Saturday, March 3, 2018

Art Imitates Life Imitates Art

Film: In Cold Blood
Format: DVD from Northern Illinois University Founders Memorial Library on The New Portable.

I’ve put off watching In Cold Blood for a few reasons. The first was that I wasn’t sure of how well it would hold up to Capote and the non-fiction novel written by Truman Capote. This is one of those instances where I’m familiar with the source material, and in this case, that source material has earned all of the acclaim it has gotten. The book is staggering and brilliant. But I’ll admit that a part of this comes from the odd story of Robert Blake. Do I really want to spend time watching a movie starring Blake as a murderer when he may well be a non-convicted murderer in real life?

That is the entirety of the movie, though. In Cold Blood is essentially the story of the murder of the Clutter family in Kansas by Dick Hickock (Scott Wilson) and Perry Smith (Robert Blake). Where it differs is the focus. While Capote’s book takes a more clinical and omniscient perspective and the film Capote sits entirely in the world of the author’s struggle, the film version of In Cold Blood is significantly focused on the story of the criminals. We won’t spend the entire film there, but we do spend a great deal of the film’s running time in the company of Dick and Perry.

What makes the crime both fascinating and terrifying from virtually any point of view is its terrible randomness. Hickock and Smith, apparently acting on a tip from another inmate, believed that the Clutter family had a significant amount of money in their farmhouse. The duo broke in, stole a few dollars and items, and then slew the entire family before heading to Mexico. Ultimately, they were only captured because they returned to the United States, stole a car, and passed a number of bad checks.

In Cold Blood feels like a police procedural more than anything else. While there are moments when it seems to want to dive into the psyches of the two killers—particularly that of Smith—it doesn’t really go there that often. While it’s clear that both men, again, especially Smith, are troubled, In Cold Blood doesn’t want to attempt to psychoanalyze them or give them anything more than the motive they evidently gave themselves.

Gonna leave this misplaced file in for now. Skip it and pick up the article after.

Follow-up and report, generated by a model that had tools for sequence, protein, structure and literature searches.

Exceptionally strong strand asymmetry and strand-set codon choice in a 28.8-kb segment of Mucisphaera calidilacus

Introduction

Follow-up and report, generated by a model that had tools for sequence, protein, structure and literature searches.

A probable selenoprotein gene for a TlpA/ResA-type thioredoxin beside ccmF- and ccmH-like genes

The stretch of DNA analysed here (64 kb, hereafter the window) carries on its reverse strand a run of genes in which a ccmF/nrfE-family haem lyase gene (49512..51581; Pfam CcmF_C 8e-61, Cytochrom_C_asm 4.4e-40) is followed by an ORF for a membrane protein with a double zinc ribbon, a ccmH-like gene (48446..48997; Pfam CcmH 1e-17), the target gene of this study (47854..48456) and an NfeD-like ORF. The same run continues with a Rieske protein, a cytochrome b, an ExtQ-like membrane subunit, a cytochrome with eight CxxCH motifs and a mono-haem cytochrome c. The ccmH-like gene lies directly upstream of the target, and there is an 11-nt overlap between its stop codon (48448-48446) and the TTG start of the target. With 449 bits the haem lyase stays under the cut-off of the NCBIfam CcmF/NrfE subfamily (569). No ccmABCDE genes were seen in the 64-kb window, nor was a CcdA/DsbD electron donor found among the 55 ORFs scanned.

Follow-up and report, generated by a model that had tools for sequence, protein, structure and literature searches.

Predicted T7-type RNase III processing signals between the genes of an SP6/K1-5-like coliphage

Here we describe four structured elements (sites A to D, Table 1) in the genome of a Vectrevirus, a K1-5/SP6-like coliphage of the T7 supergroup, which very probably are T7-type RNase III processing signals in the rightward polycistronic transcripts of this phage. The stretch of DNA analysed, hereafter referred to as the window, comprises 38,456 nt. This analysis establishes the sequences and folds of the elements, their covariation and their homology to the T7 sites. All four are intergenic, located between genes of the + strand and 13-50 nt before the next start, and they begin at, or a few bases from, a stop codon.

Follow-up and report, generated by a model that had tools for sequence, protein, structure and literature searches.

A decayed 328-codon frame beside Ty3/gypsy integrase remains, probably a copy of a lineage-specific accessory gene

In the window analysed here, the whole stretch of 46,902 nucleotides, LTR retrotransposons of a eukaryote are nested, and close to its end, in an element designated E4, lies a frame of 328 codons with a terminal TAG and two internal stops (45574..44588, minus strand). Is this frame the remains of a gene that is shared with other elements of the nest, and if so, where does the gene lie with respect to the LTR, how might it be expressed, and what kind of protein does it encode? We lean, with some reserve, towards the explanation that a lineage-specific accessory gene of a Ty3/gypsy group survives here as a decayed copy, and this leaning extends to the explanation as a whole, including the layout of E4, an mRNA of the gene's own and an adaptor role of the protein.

It’s an interesting choice to not actually show us the crime until the end of the film. When it happens in the narrative, the pair pulls up to the Clutter house and we cut to the next morning. We don’t see the actual crime committed until the end of the film when Perry admits to it and tells the story in flashback.

In Cold Blood does a lot of things right. One of those things is coming across like a documentary. While it’s clearly not, it does have the feel of it—much like Capote’s book was the creation of the non-fiction novel, In Cold Blood the film feels like an acted documentary. While this is very much Wilson’s and Blake’s movie, much of the success of the film comes from John Forsythe as Alvin Dewey, who ultimately cracked the case and arrested Hickock and Smith.

But here’s the thing. First of all, it’s very weird to watch this now given the history of Robert Blake. If you were not aware, Blake was arrested a number of years ago and tried for the murder of his wife. He was eventually acquitted, but was also sued in a civil suit and lost, having been found responsible for her death. It’s very weird watching a man accused of killing his wife playing a man guilty of murdering a family. There’s a large part of me that doesn’t know how to approach that.

The other thing is this: In Cold Blood is interestingly made and filmed. There’s an overall style to it that gives it that unique feeling of being both an acted film and a documentary at the same time. I understand its multiple nominations. It’s interestingly directed, and the adaptation is strange and kind of wonderful in spite of itself and in spite of the story. Even the soundtrack—done by Quincey Jones, no less—is pretty great. But I don’t know that I like it. It’s not an easy film to like.

So, for all of that, it will ultimately have to be a film that I merely respect, but find kind of unpleasant.

Why to watch In Cold Blood: It feels real.
Why not to watch: Perhaps a little too real?


  1. I had watched this before the whole Robert Blake case so was able to judge it free of that but can see how it would have an impact. I thought it was finely made as was Capote but like that even with the superior craftmanship across the board of both films the story is just too harrowing for me to ever want to revisit either.

    I will say that the choice of using black and white photography was the right one and did lend that documentary feel to the film.

    1. "Harrowing" is the right word for it. It's an ugly story.

      The book is equally brutal, but it's seriously one of the best books I've ever read. I don't want to read it again any time soon, but I'm glad I read it.